Tannins play an important role in wine. Along with acid, they provide the backbone to the wine. They are an contributing factor to determining if a wine can be aged or should be consumed young. But before we get into where tannins come from, it is important to know what tannins are. In the most basic form, tannins are compounds that bind together. To help you understand tannins, think about that drying sensation in your mouth when you drink wine; particularly red wine. (although there are tannins in white wines also.) That drying sensation, kind of like sandpaper on your gums are the tannins at work.
The amount of tannin in a wine varies depending on several factors:
- grape variety, (think of it as sunscreen for grapes)
- Vineyard management
- What the wine maker does during processing
Tannins are phenolic compounds and there are two types: flavonoids and non-flavonoids. They begin as single compounds, known as monomerics. These small compounds like to find similar compounds and join together to form polymerics. This process is known as polymerization. Flavonoids are more involved in the tannin expression, while the non-flavonoids are more involved with the wine structure.
Tannins are insoluble in water and this is why we can actually taste them. Our saliva is unable to break them down allowing them to bind to the proteins within our saliva. Once bound, they leave us with the drying sensation. But the cool thing is that it doesn’t really drying our mouths. The proteins are like little burs sticking to your socks while hiking. Our brain takes this sensation as drying. A research experiment performed by J F Prinz (PMID: 11106991 DOI: 10.1046/j.1365-2842.2000.00578.x) showed that tannins significantly reduces the lubricating qualities of human saliva both by decreasing its viscosity and increasing friction, both factors lending support to the notion that astringency is a tactile phenomenon.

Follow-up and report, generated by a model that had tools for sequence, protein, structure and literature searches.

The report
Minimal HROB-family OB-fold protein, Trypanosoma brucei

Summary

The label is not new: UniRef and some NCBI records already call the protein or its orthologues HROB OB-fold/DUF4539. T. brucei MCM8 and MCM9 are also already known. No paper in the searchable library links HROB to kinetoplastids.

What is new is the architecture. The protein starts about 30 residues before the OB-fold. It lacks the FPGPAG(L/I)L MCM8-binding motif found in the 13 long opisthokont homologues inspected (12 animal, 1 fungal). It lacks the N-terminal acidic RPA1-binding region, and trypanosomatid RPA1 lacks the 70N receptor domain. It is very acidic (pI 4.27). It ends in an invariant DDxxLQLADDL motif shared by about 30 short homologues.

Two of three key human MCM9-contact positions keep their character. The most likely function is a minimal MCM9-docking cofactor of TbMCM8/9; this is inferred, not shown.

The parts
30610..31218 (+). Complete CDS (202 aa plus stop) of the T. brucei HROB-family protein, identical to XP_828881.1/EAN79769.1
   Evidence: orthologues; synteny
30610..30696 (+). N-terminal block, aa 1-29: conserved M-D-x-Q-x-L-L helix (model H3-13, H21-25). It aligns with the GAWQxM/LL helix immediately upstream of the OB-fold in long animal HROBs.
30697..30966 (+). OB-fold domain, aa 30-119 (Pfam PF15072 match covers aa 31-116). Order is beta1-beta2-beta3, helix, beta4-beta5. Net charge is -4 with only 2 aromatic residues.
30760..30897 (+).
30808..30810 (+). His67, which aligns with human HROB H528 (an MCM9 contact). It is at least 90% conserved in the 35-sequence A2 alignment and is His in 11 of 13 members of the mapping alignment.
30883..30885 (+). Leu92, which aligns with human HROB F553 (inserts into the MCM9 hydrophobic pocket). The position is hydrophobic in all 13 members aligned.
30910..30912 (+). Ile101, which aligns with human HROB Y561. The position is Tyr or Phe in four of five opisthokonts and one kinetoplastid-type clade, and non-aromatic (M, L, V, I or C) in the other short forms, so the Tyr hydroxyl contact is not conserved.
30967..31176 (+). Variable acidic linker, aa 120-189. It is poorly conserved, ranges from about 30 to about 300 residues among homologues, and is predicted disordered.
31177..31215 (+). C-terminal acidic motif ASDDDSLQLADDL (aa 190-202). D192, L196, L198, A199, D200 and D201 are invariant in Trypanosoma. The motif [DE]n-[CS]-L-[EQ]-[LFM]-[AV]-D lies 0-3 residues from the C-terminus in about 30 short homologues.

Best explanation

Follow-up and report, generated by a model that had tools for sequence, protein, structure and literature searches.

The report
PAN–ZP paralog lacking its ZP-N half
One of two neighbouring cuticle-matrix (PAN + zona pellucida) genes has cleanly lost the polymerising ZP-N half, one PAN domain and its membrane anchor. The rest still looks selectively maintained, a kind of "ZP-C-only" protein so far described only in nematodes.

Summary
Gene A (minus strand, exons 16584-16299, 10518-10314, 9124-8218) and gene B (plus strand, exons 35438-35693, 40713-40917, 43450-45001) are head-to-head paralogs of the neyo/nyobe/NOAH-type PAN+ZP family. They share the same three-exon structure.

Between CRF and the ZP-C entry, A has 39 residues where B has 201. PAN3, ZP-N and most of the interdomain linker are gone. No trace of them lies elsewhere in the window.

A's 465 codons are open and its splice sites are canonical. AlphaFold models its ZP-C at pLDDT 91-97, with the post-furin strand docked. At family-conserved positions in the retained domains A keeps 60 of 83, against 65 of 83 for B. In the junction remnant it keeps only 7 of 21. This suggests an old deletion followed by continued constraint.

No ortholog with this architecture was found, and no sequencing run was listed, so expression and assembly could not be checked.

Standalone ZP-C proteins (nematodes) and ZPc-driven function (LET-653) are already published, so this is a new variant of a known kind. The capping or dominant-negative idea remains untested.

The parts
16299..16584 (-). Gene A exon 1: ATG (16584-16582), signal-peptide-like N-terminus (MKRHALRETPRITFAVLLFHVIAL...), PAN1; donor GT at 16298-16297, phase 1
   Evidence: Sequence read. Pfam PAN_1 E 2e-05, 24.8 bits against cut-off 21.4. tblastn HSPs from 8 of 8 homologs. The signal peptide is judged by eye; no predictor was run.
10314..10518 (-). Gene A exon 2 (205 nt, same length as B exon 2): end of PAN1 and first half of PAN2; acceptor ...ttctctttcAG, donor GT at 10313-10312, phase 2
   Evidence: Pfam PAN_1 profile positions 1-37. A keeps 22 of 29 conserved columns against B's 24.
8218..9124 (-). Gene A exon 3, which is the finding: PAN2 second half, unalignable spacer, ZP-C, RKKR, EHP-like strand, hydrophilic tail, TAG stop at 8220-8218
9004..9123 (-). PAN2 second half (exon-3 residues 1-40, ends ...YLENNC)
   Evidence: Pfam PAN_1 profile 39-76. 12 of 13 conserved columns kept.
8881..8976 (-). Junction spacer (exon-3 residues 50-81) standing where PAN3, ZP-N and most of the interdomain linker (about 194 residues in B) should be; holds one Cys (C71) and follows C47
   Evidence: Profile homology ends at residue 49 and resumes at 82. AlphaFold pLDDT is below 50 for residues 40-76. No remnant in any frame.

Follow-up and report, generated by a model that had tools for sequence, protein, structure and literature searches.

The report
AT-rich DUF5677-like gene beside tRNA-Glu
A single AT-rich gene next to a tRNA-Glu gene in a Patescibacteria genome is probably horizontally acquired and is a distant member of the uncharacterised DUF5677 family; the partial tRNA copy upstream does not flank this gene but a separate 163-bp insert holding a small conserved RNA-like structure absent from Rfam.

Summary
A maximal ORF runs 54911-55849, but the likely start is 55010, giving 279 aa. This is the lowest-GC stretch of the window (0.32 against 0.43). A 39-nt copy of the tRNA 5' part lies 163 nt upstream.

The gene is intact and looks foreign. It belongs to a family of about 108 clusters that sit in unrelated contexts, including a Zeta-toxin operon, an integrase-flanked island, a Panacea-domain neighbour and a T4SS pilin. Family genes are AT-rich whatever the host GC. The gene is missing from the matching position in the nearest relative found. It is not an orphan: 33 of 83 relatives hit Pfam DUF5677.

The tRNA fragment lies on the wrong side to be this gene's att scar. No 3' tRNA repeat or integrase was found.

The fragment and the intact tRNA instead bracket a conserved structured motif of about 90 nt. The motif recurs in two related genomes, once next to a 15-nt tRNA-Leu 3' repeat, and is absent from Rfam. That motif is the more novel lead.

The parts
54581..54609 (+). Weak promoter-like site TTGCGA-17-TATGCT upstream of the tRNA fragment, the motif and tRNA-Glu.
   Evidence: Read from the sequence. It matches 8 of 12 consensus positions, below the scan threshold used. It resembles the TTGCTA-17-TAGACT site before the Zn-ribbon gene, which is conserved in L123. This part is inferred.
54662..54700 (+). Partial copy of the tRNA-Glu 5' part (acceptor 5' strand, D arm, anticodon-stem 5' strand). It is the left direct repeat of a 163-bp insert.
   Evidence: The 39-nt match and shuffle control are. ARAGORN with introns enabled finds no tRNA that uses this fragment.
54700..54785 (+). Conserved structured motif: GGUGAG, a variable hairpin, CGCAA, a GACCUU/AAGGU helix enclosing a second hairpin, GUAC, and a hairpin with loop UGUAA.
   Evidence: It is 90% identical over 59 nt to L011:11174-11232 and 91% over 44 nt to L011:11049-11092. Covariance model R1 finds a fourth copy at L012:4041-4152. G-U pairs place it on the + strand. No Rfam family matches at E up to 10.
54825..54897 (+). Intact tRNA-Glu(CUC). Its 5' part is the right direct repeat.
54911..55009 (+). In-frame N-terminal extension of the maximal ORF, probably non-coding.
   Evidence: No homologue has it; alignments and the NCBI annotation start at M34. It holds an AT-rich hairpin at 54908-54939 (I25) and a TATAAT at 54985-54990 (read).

Tannins get into the wine through a variety of ways. They are found within the grape skins, seeds and stems of the grape. But it is also added to the wine through the oak regimen. The climate also plays an important role in the amount of tannin found in a wine. Cooler temperatures tend to lend themselves to higher tannins in the grapes. Warmer climates will have softer tannins.
Tannins need alcohol in order to be released from the grapes. So fermentation must occur. Depending on how the winemaker processes the fruit can increase or decrease the amount of tannins. Frequent punch downs, warmer fermentation temperatures will increase the tannin levels. Whole cluster fermentation will also increase levels.
Food also has a dramatic impact on the sensation of tannins on our mouths. Bitter foods such as arugula, kale or dill will increase the sensation of those tannins in the wine. It is best to pair bitter food with red wines that are low in tannins (such as Pinot Noir) or consider white or rose wines. If you have an overly tannic wine, you want to pair it with fatty, low salt or creamy foods such as marbled meats or an alfredo sauce. The fat in these foods decrease tannic impressions. You can also decant the wine in order to aerate it. The added oxygen will help to lower the tannins.